Sleep Paralysis- Awake, But Can't Move The Body

A transient lack of muscle function while you sleep is known as sleep paralysis. It typically occurs:

  • as a person is falling asleep
  • shortly after they have fallen asleep
  • while they’re waking up

Narcolepsy, another sleep disorder, and episodes of sleep paralysis can coexist. A chronic sleep disease called narcolepsy results in extreme tiredness and unexpected "sleep attacks" throughout the day. Sleep paralysis can nevertheless occur in a large number of people without narcolepsy.

Symptoms of sleep paralysis

Sleep paralysis isn’t a medical emergency. You may feel more at peace if you are aware of the signs. The inability to move or talk is the most typical sign of a sleep paralysis episode. A single episode could last anything from a few seconds to two minutes. You may also experience:

  • A sense that something is pulling you downward
  • A sense that someone or something is there in the room
  • Feeling fear
  • Hallucinations during, right before, or after sleep

Other symptoms may include:

  • Difficulty breathing
  • Feeling as if you’re going to die
  • Sweating
  • Muscle aches
  • Headaches
  • Paranoia

Usually, episodes end when you touch or move yourself or when they stop on their own.

You can be aware of what's happening during an episode yet unable to move or speak. After the short immobility has passed, the details of the experience may also come to mind. Rarely, some people will have nightmare-like hallucinations that may make them feel frightened or anxious but are harmless.

What can cause sleep paralysis?

Sleep paralysis can affect people of all ages, including kids and adults. But some groups face a greater risk than others.

People in some groups are more vulnerable, such as those who have the following ailments:

  • Insomnia
  • Narcolepsy
  • Anxiety disorders
  • Major depression
  • Bipolar disorder
  • Post-traumatic stress disorder (ptsd)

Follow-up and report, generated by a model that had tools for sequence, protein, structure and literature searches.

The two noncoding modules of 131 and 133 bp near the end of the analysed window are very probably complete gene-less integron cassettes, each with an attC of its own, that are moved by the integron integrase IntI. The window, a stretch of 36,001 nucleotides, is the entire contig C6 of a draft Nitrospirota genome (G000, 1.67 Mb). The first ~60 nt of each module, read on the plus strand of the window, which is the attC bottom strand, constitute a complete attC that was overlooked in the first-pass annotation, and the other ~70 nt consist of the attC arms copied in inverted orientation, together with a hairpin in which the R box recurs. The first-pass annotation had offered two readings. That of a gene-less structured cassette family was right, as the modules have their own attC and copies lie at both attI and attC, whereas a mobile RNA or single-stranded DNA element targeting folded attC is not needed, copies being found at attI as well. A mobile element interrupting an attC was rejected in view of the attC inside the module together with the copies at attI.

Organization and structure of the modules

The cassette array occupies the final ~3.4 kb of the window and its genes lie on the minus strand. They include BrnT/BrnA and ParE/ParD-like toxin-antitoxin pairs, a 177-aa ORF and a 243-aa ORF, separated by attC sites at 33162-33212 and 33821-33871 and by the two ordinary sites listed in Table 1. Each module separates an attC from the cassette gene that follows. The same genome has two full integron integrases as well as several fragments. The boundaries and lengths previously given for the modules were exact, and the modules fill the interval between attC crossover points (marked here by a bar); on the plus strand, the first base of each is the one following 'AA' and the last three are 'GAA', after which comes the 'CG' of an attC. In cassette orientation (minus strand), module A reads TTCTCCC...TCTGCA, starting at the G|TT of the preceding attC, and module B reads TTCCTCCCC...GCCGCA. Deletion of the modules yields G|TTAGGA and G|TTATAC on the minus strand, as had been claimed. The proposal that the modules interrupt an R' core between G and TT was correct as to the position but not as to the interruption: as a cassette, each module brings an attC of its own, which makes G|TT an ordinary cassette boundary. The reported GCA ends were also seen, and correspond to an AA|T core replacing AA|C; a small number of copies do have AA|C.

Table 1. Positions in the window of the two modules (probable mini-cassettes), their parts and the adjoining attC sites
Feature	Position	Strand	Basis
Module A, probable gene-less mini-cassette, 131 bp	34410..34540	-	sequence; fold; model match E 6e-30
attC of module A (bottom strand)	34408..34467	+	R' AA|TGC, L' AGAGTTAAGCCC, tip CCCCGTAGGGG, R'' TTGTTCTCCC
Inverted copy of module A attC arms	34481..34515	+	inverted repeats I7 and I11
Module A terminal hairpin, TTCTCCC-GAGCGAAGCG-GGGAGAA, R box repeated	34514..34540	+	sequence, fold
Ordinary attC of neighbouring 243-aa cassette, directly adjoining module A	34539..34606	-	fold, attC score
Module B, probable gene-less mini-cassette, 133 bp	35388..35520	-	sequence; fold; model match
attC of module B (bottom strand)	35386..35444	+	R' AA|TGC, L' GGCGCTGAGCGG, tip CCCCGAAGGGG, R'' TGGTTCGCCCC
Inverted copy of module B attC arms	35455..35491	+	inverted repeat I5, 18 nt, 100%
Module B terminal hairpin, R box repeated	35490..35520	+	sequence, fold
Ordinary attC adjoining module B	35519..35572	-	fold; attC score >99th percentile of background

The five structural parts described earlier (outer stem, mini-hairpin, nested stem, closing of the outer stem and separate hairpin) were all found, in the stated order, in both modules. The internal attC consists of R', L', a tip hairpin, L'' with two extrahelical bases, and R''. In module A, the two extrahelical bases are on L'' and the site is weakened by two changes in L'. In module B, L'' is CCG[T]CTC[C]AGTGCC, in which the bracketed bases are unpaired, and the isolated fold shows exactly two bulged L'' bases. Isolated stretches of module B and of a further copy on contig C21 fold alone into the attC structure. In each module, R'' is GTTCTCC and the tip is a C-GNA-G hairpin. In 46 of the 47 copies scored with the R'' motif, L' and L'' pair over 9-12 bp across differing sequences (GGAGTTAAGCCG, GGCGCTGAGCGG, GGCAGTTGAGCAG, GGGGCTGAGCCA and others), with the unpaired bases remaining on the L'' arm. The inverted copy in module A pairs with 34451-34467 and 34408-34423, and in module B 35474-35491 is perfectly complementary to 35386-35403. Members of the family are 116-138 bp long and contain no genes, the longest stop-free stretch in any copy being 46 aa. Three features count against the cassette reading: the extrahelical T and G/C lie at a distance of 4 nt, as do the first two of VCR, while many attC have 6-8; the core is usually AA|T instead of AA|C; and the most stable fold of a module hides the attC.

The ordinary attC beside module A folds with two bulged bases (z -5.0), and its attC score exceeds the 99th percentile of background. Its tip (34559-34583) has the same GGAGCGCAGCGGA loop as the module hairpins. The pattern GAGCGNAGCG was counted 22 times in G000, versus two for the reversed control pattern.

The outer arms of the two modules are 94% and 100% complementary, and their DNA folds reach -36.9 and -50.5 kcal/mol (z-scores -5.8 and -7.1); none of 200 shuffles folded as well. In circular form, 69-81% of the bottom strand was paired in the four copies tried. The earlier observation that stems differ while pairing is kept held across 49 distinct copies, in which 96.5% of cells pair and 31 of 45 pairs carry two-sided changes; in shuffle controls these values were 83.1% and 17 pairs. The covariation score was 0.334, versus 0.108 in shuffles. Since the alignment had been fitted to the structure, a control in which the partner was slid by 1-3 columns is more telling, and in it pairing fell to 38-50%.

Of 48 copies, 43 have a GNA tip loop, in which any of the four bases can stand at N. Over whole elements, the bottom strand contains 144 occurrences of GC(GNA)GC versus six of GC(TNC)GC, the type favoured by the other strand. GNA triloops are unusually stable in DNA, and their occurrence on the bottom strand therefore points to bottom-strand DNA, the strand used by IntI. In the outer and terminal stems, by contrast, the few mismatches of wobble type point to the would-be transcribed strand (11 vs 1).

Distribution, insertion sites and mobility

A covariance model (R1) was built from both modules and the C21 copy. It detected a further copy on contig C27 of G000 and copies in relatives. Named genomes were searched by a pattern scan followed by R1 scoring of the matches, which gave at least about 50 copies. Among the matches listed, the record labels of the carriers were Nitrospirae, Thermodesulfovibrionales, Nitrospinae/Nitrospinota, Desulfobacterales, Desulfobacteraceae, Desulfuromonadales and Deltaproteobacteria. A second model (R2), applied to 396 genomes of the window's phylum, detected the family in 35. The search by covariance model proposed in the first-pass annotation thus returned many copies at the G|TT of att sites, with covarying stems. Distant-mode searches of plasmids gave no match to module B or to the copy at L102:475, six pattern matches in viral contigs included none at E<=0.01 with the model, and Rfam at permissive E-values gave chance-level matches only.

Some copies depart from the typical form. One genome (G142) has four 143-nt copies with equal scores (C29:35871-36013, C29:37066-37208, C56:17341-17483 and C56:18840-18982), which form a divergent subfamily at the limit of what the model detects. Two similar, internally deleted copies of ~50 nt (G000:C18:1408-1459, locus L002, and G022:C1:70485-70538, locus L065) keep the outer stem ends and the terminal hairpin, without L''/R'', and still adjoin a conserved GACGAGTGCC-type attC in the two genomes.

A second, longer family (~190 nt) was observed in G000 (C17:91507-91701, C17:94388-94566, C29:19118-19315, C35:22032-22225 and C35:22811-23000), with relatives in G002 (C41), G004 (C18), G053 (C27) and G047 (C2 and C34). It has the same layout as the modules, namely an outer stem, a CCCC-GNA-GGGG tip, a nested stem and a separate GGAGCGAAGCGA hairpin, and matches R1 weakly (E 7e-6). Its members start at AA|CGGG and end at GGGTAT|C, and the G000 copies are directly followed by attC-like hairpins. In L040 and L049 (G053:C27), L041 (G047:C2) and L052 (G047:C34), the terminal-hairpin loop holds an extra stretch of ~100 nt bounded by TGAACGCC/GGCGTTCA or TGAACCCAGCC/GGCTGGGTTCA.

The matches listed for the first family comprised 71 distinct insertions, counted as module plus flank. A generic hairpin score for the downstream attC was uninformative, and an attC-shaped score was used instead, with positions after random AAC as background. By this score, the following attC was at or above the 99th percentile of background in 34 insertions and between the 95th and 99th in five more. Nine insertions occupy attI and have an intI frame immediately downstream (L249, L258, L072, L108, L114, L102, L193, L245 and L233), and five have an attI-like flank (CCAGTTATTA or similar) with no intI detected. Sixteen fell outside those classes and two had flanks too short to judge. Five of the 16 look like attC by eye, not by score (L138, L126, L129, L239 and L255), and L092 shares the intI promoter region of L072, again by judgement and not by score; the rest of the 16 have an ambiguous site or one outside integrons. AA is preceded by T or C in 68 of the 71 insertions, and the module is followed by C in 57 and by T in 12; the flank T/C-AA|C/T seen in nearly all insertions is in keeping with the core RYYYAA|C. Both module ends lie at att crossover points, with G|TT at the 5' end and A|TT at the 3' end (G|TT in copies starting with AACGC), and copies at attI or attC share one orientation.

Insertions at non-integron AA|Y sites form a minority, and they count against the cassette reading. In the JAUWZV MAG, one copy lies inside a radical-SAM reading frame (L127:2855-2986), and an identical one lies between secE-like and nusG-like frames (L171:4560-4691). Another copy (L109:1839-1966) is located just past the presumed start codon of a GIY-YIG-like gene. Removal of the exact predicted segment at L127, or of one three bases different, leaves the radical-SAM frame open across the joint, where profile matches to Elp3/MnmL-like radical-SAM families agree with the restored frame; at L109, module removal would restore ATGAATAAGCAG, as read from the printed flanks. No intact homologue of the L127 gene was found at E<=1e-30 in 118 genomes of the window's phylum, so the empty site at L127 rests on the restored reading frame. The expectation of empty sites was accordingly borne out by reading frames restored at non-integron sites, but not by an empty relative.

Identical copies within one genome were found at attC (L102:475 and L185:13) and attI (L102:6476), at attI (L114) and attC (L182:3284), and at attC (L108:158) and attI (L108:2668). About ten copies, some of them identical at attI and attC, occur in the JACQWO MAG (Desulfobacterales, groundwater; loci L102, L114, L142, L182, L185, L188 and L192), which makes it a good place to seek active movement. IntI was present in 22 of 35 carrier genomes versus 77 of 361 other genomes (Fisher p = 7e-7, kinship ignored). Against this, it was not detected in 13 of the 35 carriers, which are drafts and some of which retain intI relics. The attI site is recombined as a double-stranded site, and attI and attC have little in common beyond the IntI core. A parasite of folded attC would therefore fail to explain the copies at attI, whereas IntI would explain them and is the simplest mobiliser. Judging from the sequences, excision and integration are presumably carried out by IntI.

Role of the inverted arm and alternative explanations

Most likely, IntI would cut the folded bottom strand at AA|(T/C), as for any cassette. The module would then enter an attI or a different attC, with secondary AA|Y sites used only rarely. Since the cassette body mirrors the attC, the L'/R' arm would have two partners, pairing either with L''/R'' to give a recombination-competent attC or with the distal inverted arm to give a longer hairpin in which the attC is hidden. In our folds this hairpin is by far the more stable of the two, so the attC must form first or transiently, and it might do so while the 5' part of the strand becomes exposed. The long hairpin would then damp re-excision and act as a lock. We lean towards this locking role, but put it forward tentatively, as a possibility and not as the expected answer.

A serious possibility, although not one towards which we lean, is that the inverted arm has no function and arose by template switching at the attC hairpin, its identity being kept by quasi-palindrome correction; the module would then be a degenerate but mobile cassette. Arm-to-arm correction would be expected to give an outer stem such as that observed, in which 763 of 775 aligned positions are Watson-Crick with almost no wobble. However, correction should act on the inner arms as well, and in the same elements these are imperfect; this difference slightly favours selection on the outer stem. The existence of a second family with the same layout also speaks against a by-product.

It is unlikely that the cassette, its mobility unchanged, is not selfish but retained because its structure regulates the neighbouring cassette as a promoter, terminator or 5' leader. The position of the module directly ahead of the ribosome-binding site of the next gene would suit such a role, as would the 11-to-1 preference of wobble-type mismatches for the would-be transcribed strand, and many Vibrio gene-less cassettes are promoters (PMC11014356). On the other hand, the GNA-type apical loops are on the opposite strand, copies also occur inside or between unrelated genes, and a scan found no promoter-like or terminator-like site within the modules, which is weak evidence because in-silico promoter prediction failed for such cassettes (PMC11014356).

Another common factor in sleep paralysis is a disconnection between the body and mind.

The typical causes are as follows:

  • Lack of excellent sleeping habits, poor sleep hygiene, or both can affect the quality of your sleep
  • Sleep disorders like sleep apnea
  • Sleep paralysis has also been connected to sleep schedule disruption. Working night shifts or experiencing jet lag are two situations where your sleep schedule may be disturbed
  • Your chances of experiencing an episode may rise if you sleep on your back. Sleep paralysis may become more likely if you don't get enough sleep

How to prevent sleep paralysis?

    With a few straightforward lifestyle adjustments, such as:
  • Reduce stress in your life
  • Exercise regularly but not close to bedtime
  • Get sufficient rest
  • Maintain a regular sleep schedule
  • Keep a record of all the prescriptions you take
  • To prevent side effects like sleep paralysis, be aware of the interactions and adverse effects of the various medications you take
  • Avoid sleeping on your back by choosing to sleep on your side

he following these tips can also help prevent sleep paralysis:

  • Therapy
  • trauma counselling
  • Yoga and breathing techniques might help you regain control over your body
  • If you have a mental health condition, such as anxiety or depression, taking an prescribed medicines may diminish episodes of sleep paralysis
Dr. Priyanka Srivastava
Department of Behavioural Sciences
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